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Major Depressive Disorder: Single Episode Symptoms and DSM-IV Diagnosis

 

Major Depressive Disorder: Single Episode Symptoms and Diagnosis Overview:

Major Depressive Disorder: Single Episode symptoms and diagnostic criteria follow below. While some of these Major Depressive Disorder: Single Episode symptoms may be recognized by family, teachers, legal and medical professionals,  and others, only  properly trained mental health professionals (psychologists, psychiatrists, professional counselors etc.) can or should even attempt to make a mental health diagnosis. Many additional factors are considered in addition to the Major Depressive Disorder: Single Episode symptoms in making proper diagnosis, including frequently medical and psychological testing consideration. This information on Major Depressive Disorder: Single Episode symptoms and diagnostic criteria are for information purposes only and should never replace the judgment and comprehensive assessment of a trained mental health clinician.

Diagnostic criteria for 296.2x Major Depressive Disorder, Single Episode

 

A.    Presence of a single Major Depressive Episode (see below).

 

B.    The Major Depressive Episode is not better accounted for by Schizoaffective Disorder and is not superimposed on Schizophrenia, Schizophreniform Disorder, Delusional Disorder, or Psychotic Disorder Not Otherwise Specified.

 

C.    There has never been a Manic Episode, a Mixed Episode, or a Hypomanic Episode. Note: This exclusion does not apply if all of the manic-like, mixed-like, or hypomanic-like episodes are substance or treatment induced or are due to the direct physiological effects of a general medical condition. 

 

If the full criteria are currently met for a Major Depressive Episode, specify its current clinical status and/or features.

 

Mild, Moderate, Severe Without Psychotic Features/Severe With Psychotic Features

Chronic

With Catatonic Features

With Melancholic Features

With Atypical Features

Postpartum Onset

 

If the full criteria are not currently met for Major Depressive Episode, specify the current clinical status of the Major Depressive Disorder or features of the most recent episode):

    

In Partial Remission, In Full Remission

Chronic

With Catatonic Features

With Melancholic Features

With Atypical Features

Postpartum Onset

 

Criteria for Severity/Psychotic/Remission Specifiers for Current (or most recent ) Mixed Episode

 

Major Depressive Episode

 

A.    Five (or more) of the following symptoms have been present during the same 2-week period and represent a change from previous functioning; at least one of the symptoms is either (1) depressed mood or (2) loss of interest or pleasure.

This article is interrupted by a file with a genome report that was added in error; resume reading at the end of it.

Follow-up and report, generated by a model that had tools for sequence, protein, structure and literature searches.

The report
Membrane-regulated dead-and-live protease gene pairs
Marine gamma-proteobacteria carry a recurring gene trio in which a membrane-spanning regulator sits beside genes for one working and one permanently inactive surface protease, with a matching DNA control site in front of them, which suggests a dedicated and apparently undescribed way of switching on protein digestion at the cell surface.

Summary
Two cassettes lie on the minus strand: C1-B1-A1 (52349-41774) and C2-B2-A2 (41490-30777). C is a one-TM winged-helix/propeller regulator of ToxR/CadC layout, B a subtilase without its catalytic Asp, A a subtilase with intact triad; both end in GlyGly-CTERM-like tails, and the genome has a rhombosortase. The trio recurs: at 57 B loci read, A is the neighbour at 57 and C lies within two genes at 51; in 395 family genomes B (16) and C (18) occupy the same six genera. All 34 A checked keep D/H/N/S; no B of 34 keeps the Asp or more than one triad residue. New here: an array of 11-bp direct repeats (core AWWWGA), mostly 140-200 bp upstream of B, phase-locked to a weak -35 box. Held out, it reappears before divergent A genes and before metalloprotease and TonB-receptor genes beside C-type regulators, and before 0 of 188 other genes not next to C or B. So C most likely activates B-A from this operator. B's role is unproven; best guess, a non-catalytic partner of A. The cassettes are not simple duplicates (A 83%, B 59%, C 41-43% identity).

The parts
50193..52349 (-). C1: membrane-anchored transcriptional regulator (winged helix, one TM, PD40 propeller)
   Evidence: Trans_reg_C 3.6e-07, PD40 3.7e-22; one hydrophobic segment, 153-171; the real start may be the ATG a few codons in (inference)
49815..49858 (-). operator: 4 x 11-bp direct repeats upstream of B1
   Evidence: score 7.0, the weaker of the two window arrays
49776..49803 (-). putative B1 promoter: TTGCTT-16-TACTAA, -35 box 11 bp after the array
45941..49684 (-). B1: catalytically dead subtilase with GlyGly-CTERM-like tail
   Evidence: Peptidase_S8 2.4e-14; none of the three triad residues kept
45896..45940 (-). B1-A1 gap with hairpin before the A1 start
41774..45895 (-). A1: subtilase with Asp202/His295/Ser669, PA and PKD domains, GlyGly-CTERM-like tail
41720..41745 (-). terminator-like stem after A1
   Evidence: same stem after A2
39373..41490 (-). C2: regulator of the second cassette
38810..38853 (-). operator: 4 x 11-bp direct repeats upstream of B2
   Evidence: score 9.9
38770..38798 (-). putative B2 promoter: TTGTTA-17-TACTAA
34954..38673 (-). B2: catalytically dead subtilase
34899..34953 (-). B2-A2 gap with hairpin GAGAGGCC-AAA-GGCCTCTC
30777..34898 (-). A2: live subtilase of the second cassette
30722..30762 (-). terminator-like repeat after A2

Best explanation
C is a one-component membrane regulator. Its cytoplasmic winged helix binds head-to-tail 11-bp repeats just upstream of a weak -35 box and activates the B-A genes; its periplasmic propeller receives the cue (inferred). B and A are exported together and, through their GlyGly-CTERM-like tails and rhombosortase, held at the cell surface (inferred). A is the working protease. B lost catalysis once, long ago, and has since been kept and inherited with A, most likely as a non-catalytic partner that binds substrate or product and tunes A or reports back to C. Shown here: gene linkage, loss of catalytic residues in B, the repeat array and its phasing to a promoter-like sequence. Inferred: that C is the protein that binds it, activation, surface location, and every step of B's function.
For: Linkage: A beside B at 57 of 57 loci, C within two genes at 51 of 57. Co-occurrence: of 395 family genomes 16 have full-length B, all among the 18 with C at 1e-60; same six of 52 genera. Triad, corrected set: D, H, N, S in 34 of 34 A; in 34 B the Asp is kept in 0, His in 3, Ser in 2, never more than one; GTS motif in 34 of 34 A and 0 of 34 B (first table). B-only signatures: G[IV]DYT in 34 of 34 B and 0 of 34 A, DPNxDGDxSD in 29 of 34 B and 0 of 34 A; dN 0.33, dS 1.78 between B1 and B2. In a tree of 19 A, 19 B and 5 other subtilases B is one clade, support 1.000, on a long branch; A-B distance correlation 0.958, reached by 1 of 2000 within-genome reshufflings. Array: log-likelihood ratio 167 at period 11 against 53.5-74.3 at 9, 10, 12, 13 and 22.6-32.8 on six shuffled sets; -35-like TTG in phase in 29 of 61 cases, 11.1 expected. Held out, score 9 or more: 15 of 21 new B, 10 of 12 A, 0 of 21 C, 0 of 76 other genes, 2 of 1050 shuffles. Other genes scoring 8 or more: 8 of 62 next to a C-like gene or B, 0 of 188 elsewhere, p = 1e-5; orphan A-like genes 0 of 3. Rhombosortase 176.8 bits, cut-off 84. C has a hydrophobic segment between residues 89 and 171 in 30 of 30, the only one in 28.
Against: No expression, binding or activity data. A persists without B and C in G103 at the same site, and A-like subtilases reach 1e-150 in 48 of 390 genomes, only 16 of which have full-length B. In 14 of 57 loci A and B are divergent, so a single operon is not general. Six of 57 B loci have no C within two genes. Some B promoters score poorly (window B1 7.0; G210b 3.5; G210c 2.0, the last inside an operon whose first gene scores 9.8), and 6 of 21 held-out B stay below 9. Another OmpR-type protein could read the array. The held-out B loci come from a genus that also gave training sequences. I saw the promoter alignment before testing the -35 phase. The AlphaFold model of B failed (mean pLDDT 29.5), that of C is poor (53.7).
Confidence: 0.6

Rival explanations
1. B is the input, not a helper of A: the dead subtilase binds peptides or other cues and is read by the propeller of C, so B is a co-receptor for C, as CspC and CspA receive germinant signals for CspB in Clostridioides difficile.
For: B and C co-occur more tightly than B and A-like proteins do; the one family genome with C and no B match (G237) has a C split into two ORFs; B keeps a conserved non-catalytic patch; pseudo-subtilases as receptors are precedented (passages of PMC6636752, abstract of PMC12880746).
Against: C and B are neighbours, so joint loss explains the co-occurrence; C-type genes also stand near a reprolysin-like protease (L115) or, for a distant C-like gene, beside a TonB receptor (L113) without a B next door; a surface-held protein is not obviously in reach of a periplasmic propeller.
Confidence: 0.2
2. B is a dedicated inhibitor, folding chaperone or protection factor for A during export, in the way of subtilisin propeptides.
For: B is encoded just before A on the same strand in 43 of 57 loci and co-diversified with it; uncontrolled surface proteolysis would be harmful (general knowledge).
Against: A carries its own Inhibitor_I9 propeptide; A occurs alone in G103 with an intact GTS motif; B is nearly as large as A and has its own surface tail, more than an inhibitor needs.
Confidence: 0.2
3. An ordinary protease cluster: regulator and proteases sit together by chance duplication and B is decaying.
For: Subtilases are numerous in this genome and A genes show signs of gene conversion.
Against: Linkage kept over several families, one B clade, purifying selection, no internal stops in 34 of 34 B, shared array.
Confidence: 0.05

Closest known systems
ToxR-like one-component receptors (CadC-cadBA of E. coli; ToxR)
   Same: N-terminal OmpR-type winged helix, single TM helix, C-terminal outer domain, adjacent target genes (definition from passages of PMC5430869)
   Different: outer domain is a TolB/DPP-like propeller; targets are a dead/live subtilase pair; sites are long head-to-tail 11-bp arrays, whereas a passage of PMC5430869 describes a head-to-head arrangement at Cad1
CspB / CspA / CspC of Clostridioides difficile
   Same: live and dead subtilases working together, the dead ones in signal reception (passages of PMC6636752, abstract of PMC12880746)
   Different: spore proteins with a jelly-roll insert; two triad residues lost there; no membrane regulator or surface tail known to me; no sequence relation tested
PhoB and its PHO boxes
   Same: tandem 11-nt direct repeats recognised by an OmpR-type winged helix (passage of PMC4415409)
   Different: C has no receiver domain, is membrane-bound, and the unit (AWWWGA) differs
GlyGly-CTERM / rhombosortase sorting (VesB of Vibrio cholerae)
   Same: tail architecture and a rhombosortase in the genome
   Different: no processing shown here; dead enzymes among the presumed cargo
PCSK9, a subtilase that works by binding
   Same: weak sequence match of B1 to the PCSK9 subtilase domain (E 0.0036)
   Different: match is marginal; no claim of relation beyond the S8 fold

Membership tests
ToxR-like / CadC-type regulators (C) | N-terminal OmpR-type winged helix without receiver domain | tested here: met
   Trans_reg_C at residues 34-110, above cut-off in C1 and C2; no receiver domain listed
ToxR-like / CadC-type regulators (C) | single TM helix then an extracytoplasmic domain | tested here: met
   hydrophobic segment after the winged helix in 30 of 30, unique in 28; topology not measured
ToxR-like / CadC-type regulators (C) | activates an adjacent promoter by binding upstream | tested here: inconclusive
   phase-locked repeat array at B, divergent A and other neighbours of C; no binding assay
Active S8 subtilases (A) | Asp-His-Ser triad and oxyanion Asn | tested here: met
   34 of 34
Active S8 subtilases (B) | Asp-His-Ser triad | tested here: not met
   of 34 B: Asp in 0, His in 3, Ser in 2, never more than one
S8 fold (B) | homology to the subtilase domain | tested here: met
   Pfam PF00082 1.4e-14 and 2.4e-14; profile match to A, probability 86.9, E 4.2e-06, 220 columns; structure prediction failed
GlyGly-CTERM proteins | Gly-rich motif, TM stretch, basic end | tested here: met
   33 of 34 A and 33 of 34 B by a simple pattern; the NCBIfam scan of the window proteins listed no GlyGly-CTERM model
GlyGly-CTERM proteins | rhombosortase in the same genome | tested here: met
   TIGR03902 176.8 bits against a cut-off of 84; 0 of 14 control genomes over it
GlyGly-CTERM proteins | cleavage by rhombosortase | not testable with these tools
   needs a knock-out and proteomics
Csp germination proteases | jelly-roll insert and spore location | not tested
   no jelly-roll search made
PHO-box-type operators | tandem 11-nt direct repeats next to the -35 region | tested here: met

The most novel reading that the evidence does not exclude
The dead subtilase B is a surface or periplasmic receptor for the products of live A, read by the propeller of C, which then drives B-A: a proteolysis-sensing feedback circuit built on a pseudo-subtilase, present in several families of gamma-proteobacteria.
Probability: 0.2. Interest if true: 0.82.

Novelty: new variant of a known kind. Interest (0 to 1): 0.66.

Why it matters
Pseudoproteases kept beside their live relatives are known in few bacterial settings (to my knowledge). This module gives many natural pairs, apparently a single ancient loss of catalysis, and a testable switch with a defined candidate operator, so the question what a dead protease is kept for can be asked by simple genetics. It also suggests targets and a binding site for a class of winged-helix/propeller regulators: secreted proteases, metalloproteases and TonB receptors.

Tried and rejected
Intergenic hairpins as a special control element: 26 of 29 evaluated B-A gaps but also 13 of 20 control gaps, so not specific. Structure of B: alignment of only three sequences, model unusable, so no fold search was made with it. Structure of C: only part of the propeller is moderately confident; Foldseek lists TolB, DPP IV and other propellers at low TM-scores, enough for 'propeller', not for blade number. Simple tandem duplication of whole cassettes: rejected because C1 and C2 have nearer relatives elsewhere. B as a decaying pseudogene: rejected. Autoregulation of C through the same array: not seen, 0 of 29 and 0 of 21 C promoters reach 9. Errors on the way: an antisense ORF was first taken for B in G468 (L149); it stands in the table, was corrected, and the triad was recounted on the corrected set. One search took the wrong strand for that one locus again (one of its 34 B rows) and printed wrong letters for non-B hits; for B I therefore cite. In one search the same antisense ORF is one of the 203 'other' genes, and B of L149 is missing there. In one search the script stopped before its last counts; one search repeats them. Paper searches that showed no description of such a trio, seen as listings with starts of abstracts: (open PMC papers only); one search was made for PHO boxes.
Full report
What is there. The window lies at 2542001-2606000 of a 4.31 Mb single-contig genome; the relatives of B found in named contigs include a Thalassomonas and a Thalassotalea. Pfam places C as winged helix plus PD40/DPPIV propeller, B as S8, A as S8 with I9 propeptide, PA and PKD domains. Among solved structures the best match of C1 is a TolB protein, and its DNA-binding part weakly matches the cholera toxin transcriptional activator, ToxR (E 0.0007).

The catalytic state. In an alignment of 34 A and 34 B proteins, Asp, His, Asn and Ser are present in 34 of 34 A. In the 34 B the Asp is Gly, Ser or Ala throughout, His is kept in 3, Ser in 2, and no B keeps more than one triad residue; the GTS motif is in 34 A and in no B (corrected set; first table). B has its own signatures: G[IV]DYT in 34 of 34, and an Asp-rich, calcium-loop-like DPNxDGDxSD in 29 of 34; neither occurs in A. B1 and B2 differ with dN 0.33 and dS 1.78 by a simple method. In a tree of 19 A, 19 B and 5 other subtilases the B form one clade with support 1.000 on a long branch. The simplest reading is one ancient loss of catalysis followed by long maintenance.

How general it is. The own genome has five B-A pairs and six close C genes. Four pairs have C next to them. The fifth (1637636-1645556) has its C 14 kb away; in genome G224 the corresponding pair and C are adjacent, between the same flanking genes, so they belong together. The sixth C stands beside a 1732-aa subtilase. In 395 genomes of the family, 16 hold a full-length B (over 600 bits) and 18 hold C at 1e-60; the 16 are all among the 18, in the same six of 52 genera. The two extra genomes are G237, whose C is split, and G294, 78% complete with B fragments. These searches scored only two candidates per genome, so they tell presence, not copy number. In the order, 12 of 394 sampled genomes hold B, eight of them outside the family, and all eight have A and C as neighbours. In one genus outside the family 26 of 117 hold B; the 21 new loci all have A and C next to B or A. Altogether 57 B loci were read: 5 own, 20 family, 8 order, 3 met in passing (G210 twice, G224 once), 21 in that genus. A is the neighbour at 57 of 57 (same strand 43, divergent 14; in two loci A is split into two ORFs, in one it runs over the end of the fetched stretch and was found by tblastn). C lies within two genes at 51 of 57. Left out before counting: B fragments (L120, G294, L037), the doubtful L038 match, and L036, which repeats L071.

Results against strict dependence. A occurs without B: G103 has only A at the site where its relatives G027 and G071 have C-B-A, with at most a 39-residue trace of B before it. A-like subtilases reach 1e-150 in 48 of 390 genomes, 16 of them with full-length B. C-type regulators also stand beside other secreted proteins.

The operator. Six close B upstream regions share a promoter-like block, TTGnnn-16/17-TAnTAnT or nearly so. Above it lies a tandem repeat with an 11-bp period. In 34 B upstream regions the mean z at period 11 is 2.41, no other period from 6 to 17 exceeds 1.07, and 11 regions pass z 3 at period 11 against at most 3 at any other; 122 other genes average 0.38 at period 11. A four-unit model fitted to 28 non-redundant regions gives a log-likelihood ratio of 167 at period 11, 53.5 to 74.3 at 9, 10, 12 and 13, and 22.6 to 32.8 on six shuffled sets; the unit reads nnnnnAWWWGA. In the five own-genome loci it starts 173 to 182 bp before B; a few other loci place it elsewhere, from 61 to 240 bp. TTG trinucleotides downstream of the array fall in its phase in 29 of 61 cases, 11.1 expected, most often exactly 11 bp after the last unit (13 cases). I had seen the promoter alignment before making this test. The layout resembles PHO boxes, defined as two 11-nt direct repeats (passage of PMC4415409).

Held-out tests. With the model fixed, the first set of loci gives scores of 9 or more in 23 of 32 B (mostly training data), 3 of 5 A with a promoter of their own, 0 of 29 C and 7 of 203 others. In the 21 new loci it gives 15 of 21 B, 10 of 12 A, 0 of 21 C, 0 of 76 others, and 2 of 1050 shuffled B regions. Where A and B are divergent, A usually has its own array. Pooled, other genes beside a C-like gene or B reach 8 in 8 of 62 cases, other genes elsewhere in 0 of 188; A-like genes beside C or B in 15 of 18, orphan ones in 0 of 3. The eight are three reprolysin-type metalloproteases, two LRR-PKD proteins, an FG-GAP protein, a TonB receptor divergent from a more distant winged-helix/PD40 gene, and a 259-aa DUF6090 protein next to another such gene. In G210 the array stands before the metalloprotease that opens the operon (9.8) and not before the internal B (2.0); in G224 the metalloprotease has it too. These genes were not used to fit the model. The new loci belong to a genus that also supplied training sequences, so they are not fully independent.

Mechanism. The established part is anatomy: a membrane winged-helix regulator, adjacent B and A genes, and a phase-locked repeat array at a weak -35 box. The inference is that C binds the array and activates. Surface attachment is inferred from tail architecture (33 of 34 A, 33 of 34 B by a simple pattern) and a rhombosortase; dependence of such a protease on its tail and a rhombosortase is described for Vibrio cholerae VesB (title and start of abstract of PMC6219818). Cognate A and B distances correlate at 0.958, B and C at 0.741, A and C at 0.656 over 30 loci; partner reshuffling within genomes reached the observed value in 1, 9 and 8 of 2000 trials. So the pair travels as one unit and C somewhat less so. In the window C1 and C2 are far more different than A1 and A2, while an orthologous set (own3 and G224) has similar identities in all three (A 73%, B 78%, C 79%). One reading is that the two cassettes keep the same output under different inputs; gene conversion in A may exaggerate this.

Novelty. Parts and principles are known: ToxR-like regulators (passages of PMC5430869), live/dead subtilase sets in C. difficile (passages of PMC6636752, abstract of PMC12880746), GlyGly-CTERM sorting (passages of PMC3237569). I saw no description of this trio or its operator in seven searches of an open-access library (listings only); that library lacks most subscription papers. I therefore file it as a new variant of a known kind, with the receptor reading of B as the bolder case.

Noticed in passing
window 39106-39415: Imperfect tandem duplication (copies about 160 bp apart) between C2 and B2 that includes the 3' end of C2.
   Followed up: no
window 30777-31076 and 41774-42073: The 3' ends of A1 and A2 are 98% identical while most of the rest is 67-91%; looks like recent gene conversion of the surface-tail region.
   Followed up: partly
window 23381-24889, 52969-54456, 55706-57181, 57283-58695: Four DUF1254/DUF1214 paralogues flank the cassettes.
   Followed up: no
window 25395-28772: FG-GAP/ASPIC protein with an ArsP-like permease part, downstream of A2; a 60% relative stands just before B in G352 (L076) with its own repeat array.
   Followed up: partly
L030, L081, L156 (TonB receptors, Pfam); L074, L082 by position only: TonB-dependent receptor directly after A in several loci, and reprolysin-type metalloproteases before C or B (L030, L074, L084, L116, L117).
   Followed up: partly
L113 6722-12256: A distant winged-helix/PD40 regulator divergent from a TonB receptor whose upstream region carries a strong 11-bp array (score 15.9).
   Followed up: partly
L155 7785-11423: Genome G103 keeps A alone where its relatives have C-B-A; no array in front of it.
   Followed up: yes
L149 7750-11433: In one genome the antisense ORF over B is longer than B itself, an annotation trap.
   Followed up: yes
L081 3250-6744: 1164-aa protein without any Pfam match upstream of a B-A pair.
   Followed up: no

Note: Do not include symptoms that are clearly due to a general medical condition, or mood-incongruent delusions or hallucinations.

 

(1)   depressed mood most of the day, nearly every day, as indicated by either subjective report (e.g., feels sad or empty) or observation made by others (e.g., appears tearful). Note: In children and adolescents, can be irritable mood.

(2)   markedly diminished interest or pleasure in all, or almost all, activities most of the day, nearly every day (as indicated by either subjective account or observation made by others)

(3)   significant weight loss when not dieting or weight gain (e.g., a change of more than 5% of body weight in a month), or decrease or increase in appetite nearly every day. Note: In children, consider failure to make expected weight gains.

(4)   Insomnia or hypersomnia nearly every day

(5)   Psychomotor agitation or retardation nearly every day (observable by others, not merely subjective feelings of restlessness or being slowed down)

(6)   Fatigue or loss of energy nearly every day

(7)   Feelings of worthlessness or excessive or inappropriate guilt (which may be delusional) nearly every day (not merely self-reproach or guilt about being sick)

(8)   Diminished ability to think or concentrate, or indecisiveness, nearly every day (either by subjective account or as observed by others)

(9)   Recurrent thoughts of death (not just fear of dying), recurrent suicidal ideation without a specific plan, or a suicide attempt or a specific plan for committing suicide

 

B.    The symptoms do not meet criteria for a Mixed Episode (see p. 335).

 

C.    The symptoms cause clinically significant distress or impairment in social, occupational, or other important areas of functioning.

 

D.    The symptoms are not due to the direct physiological effects of a substance (e.g., a drug of abuse, a medication) or a general medical condition (e.g., hypothyroidism).

 

E.    The symptoms are not better accounted for by Bereavement, i.e., after the loss of a loved one, the symptoms persist for longer than 2 months or are characterized by marked functional impairment, morbid preoccupation with worthlessness, suicidal ideation, psychotic symptoms, or psychomotor retardation.

 

Additional Major Depressive Disorder Diagnosis

Information adapted from the Diagnostic and Statistical Manual of Mental Disorders DSM-IV

Additional Information and webpage by Paul Susic  MA Licensed Psychologist   Ph.D. Candidate  (Health and Geriatric Psychologist)

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Mental Health Diagnosis - DSM-IV Diagnosis and Codes: Alphabetical

Major Depressive Disorder Help Online @ Amazon.com

 

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